Zero wear suggests that if the lubrication system hadn’t failed these plungers would have been in service for many more years.

The sleeves that hold the packing that these plungers ride in have pretty much the same story. Two of the three failed and the one that didn’t have lubrication problems is still in service. We will be coating the ID of those two and they will become spares. 

The two sleeves in for repair did have a little less than 0.001” of measurable wear in the area where the packing sits. The wear was caused by the packing getting loose and moving with the piston.  There is also evidence of some ‘water jetting’ damage as well. 

And the best part is that the coating of 86-10-4 that we are applying today is significantly better that the coating that was applied to these plungers.  Back then the hardness was in the range of 1350-1375 Hv300, and today it is in the range of 1450-1500 Hv300.


Crane Wire Barrel

During final machining one section of this crane wire barrel was accidentally reduced by 12.5 mm (½”) beyond the required diameter.  It was impossible to reduce the rest of the barrel to the same diameter because of the strength factor. Metal spraying was used to build up the surface of the mis-machined area back to the originally specified diameter.  A continual groove was then machined into the barrel to accept the feed of the wire rope. The Metallisation Arc Spray specification was – a bond coat followed by a build up of S20 to the required thickness, i.e. a 6.25mm (¼”) on the radius. It will be appreciated that the service conditions in which the barrel operates together with the constant squeezing action of the rope places a considerable load on the metal sprayed deposit; the surface has stood up to the treatment in a perfectly satisfactory way.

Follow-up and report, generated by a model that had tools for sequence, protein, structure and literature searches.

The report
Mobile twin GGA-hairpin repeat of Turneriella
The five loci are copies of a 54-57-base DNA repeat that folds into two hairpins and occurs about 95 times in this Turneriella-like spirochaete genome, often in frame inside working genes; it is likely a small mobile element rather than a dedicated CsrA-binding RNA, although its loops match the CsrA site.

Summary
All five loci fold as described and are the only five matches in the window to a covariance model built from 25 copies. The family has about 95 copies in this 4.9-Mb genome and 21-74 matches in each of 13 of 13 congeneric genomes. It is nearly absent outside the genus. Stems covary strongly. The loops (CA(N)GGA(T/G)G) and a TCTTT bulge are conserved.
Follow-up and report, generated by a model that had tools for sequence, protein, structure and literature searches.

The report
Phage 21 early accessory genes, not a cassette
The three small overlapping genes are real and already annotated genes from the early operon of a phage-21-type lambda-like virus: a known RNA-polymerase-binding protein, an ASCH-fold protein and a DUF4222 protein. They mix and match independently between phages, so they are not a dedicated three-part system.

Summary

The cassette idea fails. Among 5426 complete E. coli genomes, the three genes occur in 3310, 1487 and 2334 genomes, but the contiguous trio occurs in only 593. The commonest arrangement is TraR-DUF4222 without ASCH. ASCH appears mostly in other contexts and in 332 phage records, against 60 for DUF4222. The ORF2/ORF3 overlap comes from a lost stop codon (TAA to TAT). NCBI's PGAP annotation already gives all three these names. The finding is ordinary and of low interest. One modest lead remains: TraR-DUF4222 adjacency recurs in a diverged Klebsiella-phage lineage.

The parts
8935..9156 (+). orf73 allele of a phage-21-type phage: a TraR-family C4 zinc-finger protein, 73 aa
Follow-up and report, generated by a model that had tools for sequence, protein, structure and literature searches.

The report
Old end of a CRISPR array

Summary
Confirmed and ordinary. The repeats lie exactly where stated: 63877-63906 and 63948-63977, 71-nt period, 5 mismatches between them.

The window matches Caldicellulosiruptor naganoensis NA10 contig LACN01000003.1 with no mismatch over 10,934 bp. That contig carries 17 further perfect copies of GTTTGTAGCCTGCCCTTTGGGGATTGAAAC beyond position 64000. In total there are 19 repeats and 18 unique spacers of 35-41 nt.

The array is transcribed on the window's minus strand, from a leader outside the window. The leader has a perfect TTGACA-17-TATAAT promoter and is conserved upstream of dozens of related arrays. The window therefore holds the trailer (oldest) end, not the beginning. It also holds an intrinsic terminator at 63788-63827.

Electric Motor Armature

This photograph shows an electric motor armature reclaimed on the journal area. The work was carried out using a Metallisation Arc Spray Unit and a deposit of 2.54mm (0.100”) of S2 was applied. The repair was completed in approximately 36 hours as opposed to a delivery period of several months for a new unit. The cost of reclamation was about 1% of the cost of replacement.


Fork Lift and Earth Mover Brake Drum Clutch Housing

Fork Lift Brake Drum and Earth mover brake drum clutch housing were repaired using a Metallisation Arc Spray system depositing S20 Steel.

For more information on Metal Spray equipment or consumables, call us on 07 3823 1004, or email us using our contact form.

Metal Spray Equipment